Candle Lake Emergency Services
In November 2021, Firefighters, Medical First Responders (MFR) and the Emergency Measures Organization (EMO) merged to become one unit under Candle Lake Emergency Services. There are currently 35 members working in our Emergency Services: 21 firefighters, 4 junior/student firefighters and 10 medical/fire first responders.
First Responders can make a big difference in an emergency situation, for example by helping someone start to breath, performing CPR, stopping a bleed, delivering a baby, putting out a fire or dealing with other emergency situations.
If you are interested in volunteering as a first responder, please contact Wes Harker at (306) 960-6111 or Karen Mack at (306) 960-1254.
The Candle Lake Fire Department for the Resort Village of Candle Lake is responsible for fire protection of all structures. The Department is manned by volunteer Fire Fighters and First Responders. Currently, the department is equipped with a rescue unit, two pumpers and one tanker.
The Rescue Unit carries fire fighting, rescue and First Responder equipment as well as the Jaws of Life used to extract trapped victims of motor vehicle accidents. The pumpers are used primarily for fire fighting. The tanker carries 1,200 gallons of water and a portable pump.
Firefighters and medical first responders train all year long. Meetings, training and practice are held at the Firehall on the 1st and 3rd Monday of every month for fire and every 2nd Monday of each month for medical first responders. Meetings are open to all emergency service volunteers and the cross-training is very beneficial to all.
Firefighter mandatory training includes:
- Firefighter Safety
- Fire Dynamics
- PPE (firefighter personal protective clothing)
- Portable fire extinguishers
- ropes and knots, and ground ladders
- Forcible entry
- Structural search and rescue
- Tactical ventilations
- Fire hose, hose operation and hose streams
- Fire suppression
- Property conservation and scene preservation
- Foam/liquid/gas fires
- Vehicle extrication
- Structural collapse
- Maintenance and testing of equipment
- How equipment works, and how to keep it running and in working order
- Inspection and cleaning of turnout gear
- Road safety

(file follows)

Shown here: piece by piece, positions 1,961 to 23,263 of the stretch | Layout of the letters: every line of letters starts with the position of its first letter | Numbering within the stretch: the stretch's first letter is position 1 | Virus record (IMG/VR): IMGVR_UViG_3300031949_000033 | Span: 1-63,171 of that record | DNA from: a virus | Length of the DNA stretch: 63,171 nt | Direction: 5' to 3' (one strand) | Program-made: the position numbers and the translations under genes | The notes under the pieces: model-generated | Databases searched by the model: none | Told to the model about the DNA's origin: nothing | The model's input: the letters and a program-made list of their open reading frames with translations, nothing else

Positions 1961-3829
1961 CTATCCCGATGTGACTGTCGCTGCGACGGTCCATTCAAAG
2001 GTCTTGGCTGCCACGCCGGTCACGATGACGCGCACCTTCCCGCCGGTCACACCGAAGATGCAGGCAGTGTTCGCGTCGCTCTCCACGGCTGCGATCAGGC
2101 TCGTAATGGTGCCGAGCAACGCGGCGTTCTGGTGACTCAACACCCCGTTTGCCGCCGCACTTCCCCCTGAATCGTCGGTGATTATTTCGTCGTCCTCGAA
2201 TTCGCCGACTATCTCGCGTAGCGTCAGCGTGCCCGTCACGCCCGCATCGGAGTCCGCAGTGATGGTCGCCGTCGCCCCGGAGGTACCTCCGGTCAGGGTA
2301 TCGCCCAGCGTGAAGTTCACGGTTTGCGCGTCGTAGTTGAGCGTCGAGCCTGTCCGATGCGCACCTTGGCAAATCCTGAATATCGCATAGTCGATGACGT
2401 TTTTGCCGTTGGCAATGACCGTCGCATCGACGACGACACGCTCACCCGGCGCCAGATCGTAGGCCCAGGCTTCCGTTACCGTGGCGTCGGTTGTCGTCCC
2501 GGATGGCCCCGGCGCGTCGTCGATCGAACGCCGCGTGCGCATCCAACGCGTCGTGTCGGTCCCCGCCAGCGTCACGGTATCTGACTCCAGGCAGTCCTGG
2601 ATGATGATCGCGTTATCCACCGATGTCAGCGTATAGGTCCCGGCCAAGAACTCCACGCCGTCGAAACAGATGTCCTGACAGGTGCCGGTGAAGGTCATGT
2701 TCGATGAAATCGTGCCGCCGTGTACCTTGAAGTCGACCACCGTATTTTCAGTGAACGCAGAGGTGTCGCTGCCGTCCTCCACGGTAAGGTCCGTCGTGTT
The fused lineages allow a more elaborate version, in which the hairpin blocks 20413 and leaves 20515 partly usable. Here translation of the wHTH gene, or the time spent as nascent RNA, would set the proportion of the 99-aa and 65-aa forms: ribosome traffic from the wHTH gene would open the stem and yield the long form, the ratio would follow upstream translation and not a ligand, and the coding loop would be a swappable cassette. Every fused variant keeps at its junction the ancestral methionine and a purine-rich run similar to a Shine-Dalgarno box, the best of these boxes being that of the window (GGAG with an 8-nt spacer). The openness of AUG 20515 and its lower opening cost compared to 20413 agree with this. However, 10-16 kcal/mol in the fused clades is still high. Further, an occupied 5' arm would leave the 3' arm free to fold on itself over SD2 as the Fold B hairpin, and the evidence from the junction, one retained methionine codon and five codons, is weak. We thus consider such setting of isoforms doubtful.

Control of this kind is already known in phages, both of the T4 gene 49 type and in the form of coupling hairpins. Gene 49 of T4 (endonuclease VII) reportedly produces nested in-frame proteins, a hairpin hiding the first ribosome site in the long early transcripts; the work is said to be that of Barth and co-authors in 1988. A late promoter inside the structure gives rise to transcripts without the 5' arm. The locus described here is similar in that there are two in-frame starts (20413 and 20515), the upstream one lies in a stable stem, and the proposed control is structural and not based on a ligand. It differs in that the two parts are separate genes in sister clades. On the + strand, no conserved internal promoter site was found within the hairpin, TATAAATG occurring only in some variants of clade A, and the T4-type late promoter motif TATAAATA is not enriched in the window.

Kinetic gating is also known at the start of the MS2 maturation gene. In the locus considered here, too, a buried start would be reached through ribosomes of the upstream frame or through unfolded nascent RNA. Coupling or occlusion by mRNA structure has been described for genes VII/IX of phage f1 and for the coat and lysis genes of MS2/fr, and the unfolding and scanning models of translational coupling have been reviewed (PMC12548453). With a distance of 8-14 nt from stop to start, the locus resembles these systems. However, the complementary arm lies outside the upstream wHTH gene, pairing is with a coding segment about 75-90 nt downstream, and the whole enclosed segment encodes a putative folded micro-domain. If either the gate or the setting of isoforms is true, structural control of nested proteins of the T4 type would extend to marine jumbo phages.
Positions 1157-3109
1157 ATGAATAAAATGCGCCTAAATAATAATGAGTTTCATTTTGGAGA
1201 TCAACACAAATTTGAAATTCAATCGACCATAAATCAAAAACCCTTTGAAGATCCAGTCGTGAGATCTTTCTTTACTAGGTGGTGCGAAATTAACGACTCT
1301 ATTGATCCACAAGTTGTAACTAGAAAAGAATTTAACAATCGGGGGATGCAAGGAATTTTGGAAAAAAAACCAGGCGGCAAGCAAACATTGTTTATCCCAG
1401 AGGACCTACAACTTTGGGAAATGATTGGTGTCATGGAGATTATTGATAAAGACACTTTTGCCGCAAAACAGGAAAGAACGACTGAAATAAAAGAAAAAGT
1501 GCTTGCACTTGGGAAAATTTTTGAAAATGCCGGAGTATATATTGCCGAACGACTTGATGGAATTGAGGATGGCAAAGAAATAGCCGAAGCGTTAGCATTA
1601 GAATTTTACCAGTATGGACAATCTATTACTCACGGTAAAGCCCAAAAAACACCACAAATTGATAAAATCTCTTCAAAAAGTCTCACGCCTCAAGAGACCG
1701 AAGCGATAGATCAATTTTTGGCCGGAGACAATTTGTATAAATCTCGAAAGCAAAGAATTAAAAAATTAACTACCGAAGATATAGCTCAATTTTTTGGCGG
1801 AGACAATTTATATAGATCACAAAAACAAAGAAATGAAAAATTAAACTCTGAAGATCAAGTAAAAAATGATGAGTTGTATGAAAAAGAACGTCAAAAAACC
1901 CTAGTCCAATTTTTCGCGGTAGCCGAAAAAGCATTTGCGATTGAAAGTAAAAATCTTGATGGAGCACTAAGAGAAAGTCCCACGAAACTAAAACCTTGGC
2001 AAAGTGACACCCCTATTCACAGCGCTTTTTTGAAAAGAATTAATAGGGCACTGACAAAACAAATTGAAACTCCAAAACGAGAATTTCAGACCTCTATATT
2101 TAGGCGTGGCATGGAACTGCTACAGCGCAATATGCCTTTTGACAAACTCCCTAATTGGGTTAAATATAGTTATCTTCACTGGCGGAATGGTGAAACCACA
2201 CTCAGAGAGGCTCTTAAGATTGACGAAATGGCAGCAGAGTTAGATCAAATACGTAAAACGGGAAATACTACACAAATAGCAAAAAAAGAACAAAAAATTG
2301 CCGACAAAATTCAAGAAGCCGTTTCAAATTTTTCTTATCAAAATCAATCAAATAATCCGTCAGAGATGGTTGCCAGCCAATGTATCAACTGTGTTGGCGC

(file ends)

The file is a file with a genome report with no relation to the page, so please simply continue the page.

- Breathing apparatus
- Dangerous goods, chemicals and explosions
- Traffic incident management
- Landing STARS
- How to keep yourself and others safe at any scene
Medical First Responders (MFR) hold a license through Saskatchewan Ministry of Health and will soon be licensed through Saskatchewan Health Authority (SHA). Each Resort Village member must also be approved by Village Council. MFR’s follow SHA protocols along with protocols set out in the bylaws of the Resort Village.
MFR mandatory training runs through a two-year cycle. Every second year all MFR’s must be recertified. Training and recertifications are done by Parkland Ambulance instructors or at the MFR conference held each January. MFR’s must also be recertified in CPR/AED each year.
MFR mandatory training includes:
- EPI-Pen, Blood Glucose, SP02
- Mechanical Aid to Breathing including Oxygen
- Spinal Immobilization
- Trauma Patient Assessment & Trauma Emergencies Part 1 & Part 2
- Medical Patient Assessment & Emergencies Part 1 & Part 2
Hands on practice with firefighters/medical responders is held throughout the year.
The Resort Village currently has two AED machines for use by the Firefighters and MFR’s. These are located on board the Medical First Responder Unit and the Rescue Truck.
Other equipment on board the MFR Unit 1 includes:
- LUCAS Chest Compression System - a portable tool designed to overcome problems identified with manual chest compressions. LUCAS assists rescuers by delivering effective, consistent and continuous chest compressions.
- The Unit is also equipped with backboards, splits, slings, burn equipment, glucose monitors, blood pressure cuffs, stethoscopes, SP02 monitors, Oxygen, OPA’s, PPE, obstetrics kits, thermometers, EPI pens, and pediatric supplies.
The Resort Village also has a Sno-ambulance and sled. This unit has come in handy in retrieving patients off a snowmobile trail.